anne mikolay 2012 120I went to a funeral today for a neighbor I hardly knew. She was the face behind the wheel of the mini-van, driving her kids here and there, going to work, waving as she drove by me. I knew her as the nice lady next door. Knew she was involved with her church. Knew she was well liked in the neighborhood. Knew she had a hard-working husband and three beautiful children. And that's about it.

Today, I learned important lessons from this “stranger” next door.

When I heard Jane passed (not her real name), I was dumbfounded. She was only 48 years old. Twelve years ago, she beat breast cancer; sadly and shockingly, she passed away this week from an entirely unrelated cancer. According to her good friend, Jane planned her own funeral, picked the songs, the prayers. Needless to say, I was struck by Jane's bravery. My heart went out to her husband and most especially to her sons and daughter. Such grief at their tender ages is unfathomable to me.

When I entered the church, it was immediately evident that my neighbor was greatly loved. The church was packed with her family and her friends. “Here's a life,” I thought. “That touched many.” Wherever she is now (and I believe it's Heaven), Jane can be extremely proud of the grace and dignity with which her children conducted themselves today (qualities, I can only surmise, learned from her), and the supportive strength of her husband as he gathered their children into his arms. 

In planning her own funeral, Jane was able to “speak” to her family and loved ones on this most difficult day. The first hymn Jane chose was “Be Not Afraid.” Be not afraid...I sincerely hope her sons and daughter were able to receive that message in their sorrow. From the eulogy given by Jane's brother, it was apparent that Jane was not afraid. There I was in the pew, surrounded by great sorrow, and what did Jane's brother say? Jane considered her cancer a gift. A gift! That made me sit up and take notice. According to her brother, Jane regarded her illness as a gift reminding her to treasure life's every moment and hold her family close. That's a remarkable attitude. That's faith most of us can only hope for.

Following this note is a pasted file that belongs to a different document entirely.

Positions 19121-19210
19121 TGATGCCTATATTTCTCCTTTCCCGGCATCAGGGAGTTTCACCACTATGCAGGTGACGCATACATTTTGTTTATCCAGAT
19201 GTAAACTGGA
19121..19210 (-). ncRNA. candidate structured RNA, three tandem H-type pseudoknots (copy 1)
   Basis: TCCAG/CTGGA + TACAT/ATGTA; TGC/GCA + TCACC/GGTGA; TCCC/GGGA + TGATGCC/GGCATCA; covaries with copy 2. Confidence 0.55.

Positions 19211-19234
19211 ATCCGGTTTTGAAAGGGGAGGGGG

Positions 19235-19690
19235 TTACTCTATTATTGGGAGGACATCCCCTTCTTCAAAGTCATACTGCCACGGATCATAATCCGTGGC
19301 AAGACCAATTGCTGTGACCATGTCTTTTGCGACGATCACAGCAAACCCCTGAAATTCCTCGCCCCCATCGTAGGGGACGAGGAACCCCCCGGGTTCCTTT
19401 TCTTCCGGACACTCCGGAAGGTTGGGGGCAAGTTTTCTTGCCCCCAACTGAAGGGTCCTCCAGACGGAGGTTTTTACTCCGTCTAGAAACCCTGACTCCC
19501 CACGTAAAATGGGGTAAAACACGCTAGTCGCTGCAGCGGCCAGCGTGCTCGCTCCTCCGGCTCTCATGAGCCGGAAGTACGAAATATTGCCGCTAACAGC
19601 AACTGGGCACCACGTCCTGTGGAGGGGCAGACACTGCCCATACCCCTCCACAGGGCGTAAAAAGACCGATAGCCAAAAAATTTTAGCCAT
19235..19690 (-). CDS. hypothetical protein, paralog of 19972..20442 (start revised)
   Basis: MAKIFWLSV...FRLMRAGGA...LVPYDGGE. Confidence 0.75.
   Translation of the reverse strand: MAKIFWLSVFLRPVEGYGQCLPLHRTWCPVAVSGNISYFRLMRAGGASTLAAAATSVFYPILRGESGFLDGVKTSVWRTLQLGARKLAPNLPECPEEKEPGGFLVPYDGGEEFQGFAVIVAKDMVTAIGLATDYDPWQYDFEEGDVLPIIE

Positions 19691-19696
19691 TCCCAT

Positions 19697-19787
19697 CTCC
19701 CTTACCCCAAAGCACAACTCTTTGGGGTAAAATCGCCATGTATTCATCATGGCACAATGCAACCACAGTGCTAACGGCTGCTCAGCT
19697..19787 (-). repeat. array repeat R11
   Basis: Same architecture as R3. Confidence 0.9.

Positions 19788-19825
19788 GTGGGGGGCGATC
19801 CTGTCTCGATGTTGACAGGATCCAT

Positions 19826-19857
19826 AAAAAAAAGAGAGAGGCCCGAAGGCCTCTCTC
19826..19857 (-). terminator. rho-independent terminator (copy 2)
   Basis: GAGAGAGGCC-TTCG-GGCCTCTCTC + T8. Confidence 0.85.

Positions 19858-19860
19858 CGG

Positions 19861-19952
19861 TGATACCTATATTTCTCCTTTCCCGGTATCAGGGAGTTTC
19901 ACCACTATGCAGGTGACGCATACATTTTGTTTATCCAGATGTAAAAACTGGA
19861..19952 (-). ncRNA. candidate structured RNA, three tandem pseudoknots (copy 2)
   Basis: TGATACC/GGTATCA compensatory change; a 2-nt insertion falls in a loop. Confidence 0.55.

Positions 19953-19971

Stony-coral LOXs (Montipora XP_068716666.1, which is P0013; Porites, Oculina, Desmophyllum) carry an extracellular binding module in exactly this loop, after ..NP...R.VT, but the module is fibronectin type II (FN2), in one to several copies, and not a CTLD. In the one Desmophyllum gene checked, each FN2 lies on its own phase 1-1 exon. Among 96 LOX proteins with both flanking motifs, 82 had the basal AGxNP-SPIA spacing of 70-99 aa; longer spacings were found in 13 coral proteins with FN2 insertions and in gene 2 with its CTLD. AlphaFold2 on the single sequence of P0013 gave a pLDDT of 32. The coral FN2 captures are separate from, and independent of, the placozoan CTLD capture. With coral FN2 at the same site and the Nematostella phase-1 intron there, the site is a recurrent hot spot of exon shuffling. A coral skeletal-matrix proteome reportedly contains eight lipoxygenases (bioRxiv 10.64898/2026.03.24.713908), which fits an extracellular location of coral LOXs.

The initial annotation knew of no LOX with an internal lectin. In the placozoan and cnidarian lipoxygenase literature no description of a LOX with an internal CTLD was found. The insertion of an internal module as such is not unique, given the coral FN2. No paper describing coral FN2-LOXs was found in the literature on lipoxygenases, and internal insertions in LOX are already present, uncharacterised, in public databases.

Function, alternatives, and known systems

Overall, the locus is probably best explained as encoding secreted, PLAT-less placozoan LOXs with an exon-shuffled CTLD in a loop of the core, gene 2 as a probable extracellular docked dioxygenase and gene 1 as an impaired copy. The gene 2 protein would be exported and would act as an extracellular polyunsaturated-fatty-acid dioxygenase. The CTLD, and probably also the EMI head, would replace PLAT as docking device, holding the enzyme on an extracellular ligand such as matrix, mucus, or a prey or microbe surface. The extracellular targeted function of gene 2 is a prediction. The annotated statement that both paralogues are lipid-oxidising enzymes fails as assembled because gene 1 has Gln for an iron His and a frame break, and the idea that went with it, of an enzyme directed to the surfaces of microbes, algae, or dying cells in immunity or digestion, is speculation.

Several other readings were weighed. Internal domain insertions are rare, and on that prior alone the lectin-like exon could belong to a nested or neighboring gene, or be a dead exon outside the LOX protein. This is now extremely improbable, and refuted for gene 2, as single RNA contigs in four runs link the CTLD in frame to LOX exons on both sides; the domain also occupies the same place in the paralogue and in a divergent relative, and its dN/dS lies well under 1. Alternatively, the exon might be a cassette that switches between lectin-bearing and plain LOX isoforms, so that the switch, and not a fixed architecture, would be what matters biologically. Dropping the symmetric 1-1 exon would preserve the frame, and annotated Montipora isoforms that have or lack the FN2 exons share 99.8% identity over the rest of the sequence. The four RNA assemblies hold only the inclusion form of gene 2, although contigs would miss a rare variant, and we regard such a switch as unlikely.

Thanks to a touching eulogy, I learned some things about the “stranger” next door today. She was a swimmer, liked to exercise, enjoyed a party, liked to bake, volunteered wherever she thought she could make a difference, loved life, and was a cherished mother, wife, sister, and daughter. But the most important thing I learned wasn't in the eulogy. It was in the “air”. Amidst the tears and the sorrow, there was an undercurrent of peace, hope, and - dare I say it? - tender joy at Jane's release into what the faithful believe is new life. Again, I can only surmise this came from Jane, the way she lived her life, the way her life touched others, and how she handled her death. Clearly, Jane was a woman of faith, inspiring others even in her passing.

Though Jane's life only lightly brushed with mine, I'm better for it. And that is the greatest lesson I learned today: we should each strive every day to let our lives favorably touch someone else's. You never know the difference you can make, the subtle inspiration you might impart, the faith you might enrich. In her passing, Jane made a difference in my life, and that my friends, is a gift...from a life well lived.

Rest in peace, Jane. I will remember you and your words: Be not afraid...